#1

A hawk flies in a horizontal arc of radius 13.0 m at a constant speed of 4.25 m/s.

(a) Find its centripetal acceleration.

I got 1.3894 m/s^2 which is right.

(b) It continues to fly along the same horizontal arc but increases its speed at the rate of 1.20 m/s2. Find the acceleration (magnitude and direction) under these conditions.

__________m/s^2 @ _______ degrees (towards the center of the circle)

I'm confused about part b...I've read about radial and tangential accelerations but i'm still very confused

we're doing harmonic motion and oscillations so i kinda forgot

Thanks! anything would help

(a) Find its centripetal acceleration.

I got 1.3894 m/s^2 which is right.

(b) It continues to fly along the same horizontal arc but increases its speed at the rate of 1.20 m/s2. Find the acceleration (magnitude and direction) under these conditions.

__________m/s^2 @ _______ degrees (towards the center of the circle)

I'm confused about part b...I've read about radial and tangential accelerations but i'm still very confused

we're doing harmonic motion and oscillations so i kinda forgot

Thanks! anything would help

#2

wat?

#3

well acceleration is a vector. so just separate out all of your X and Y coordinations and calculate those individual accelerations then just add the vectors together.

#4

i'm doing the exact same crap in physics... i'm lost... need loads of help myself.

#5

lol wut?

fixed

#6

It's 42. Everyone knows hawks fly at 42.

#7

well, centripetal acceleration (alpha) is what you're trying to find I guess, and you're given linear acceleration (a).

Use the formula:

a = (alpha)(radius)

Use the formula:

a = (alpha)(radius)

#8

Actually, I think you may have to use:

(total acc)^2 = (linear acc)^2 + (cent. acc)^2

(total acc)^2 = (linear acc)^2 + (cent. acc)^2

#9

lol deffinetly mastering physics isnt it...

damn i gotta do mine soon.. stupid electric fields==integrals

stupid engineering..

[edit] if tis a constant radius the tangential acc should be 90 degrees and the radial should be 0 degrees should it not? and hte total accelleration would be cos(radial accel) + sin (tangential accel) am i not correct?..

damn i gotta do mine soon.. stupid electric fields==integrals

stupid engineering..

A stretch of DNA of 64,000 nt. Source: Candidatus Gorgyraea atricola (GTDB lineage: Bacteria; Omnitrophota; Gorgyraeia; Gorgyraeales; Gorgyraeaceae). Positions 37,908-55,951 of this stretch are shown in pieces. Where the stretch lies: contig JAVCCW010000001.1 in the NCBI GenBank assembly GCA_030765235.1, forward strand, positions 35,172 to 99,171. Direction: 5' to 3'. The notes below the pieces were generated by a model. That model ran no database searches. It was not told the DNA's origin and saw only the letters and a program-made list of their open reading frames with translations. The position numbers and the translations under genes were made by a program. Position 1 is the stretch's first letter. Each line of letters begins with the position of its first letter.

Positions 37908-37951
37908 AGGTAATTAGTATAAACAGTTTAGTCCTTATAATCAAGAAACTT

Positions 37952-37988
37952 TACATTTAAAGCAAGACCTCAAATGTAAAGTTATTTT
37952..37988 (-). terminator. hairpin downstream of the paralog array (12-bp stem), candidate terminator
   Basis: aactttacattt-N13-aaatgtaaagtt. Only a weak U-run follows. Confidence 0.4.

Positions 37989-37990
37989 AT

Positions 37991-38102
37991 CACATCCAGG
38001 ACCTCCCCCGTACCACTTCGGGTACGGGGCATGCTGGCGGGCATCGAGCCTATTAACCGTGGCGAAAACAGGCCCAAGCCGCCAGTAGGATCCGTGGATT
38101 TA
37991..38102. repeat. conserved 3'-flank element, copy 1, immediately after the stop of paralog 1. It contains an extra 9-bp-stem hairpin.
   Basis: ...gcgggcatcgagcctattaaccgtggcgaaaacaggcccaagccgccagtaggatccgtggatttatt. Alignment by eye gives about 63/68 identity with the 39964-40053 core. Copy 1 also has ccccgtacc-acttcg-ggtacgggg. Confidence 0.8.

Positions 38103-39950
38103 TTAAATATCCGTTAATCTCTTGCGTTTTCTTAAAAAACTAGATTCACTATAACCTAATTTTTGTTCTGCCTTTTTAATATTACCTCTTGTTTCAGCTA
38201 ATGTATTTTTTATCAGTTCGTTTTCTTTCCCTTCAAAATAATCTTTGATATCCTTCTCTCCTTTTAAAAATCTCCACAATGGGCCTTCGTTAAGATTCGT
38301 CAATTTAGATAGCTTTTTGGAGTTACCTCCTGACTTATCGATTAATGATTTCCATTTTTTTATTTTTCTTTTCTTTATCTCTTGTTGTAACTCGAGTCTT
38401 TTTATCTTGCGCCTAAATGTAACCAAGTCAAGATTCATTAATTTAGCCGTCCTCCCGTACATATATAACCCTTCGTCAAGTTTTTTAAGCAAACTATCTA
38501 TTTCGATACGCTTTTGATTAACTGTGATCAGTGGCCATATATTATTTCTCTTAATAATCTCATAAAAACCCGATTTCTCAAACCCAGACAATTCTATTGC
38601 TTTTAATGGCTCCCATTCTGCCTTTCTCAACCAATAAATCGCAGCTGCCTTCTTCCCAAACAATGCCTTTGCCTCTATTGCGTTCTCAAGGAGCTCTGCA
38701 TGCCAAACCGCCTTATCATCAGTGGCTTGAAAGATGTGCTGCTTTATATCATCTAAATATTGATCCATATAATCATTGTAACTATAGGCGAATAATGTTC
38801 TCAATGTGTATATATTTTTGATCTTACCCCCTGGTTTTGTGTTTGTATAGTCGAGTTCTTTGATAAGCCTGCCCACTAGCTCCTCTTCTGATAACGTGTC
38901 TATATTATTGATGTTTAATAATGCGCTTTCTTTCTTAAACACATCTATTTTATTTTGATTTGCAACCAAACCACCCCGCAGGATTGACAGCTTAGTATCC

[edit] if tis a constant radius the tangential acc should be 90 degrees and the radial should be 0 degrees should it not? and hte total accelleration would be cos(radial accel) + sin (tangential accel) am i not correct?..

*Last edited by JimmyBanks6 at Feb 22, 2009,*

#10

Actually, I think you may have to use:

(total acc)^2 = (linear acc)^2 + (cent. acc)^2

hey that's right.

i don't know why i've never seen that before

my only problem how do you get the angle? is that also with vectors?

#11

edit my last edit

i think this edit is correct --> the angle should be theta=tan^-1[(tang accel) / (rad accel)]

i may be incorrect as i am not writing this down and trying to think at through in my head

i think this edit is correct --> the angle should be theta=tan^-1[(tang accel) / (rad accel)]

i may be incorrect as i am not writing this down and trying to think at through in my head

*Last edited by JimmyBanks6 at Feb 22, 2009,*

#12

it's actually (rad accel/ tan accel) apparently.

#13

it's actually (rad accel/ tan accel) apparently.

hmm that does make sense.. i probly shoulda written it down and i wulda made my way to that conclusion.. sry if i messed up ur Mastering Physics... which i think it is your working on?

#14

Just tell your teacher this-

Your mother is so fat, when she stepped on a scale her acceleration from rest resulted in a force between the two conductors of 6.02 circum-plex 23 newton's priminant and magnetic flex around the closed curve was proportional to the algebraic sum of electric currents flowing through that closed curve.

But, on topic. Idklol. Sorry I can't help.

Your mother is so fat, when she stepped on a scale her acceleration from rest resulted in a force between the two conductors of 6.02 circum-plex 23 newton's priminant and magnetic flex around the closed curve was proportional to the algebraic sum of electric currents flowing through that closed curve.

But, on topic. Idklol. Sorry I can't help.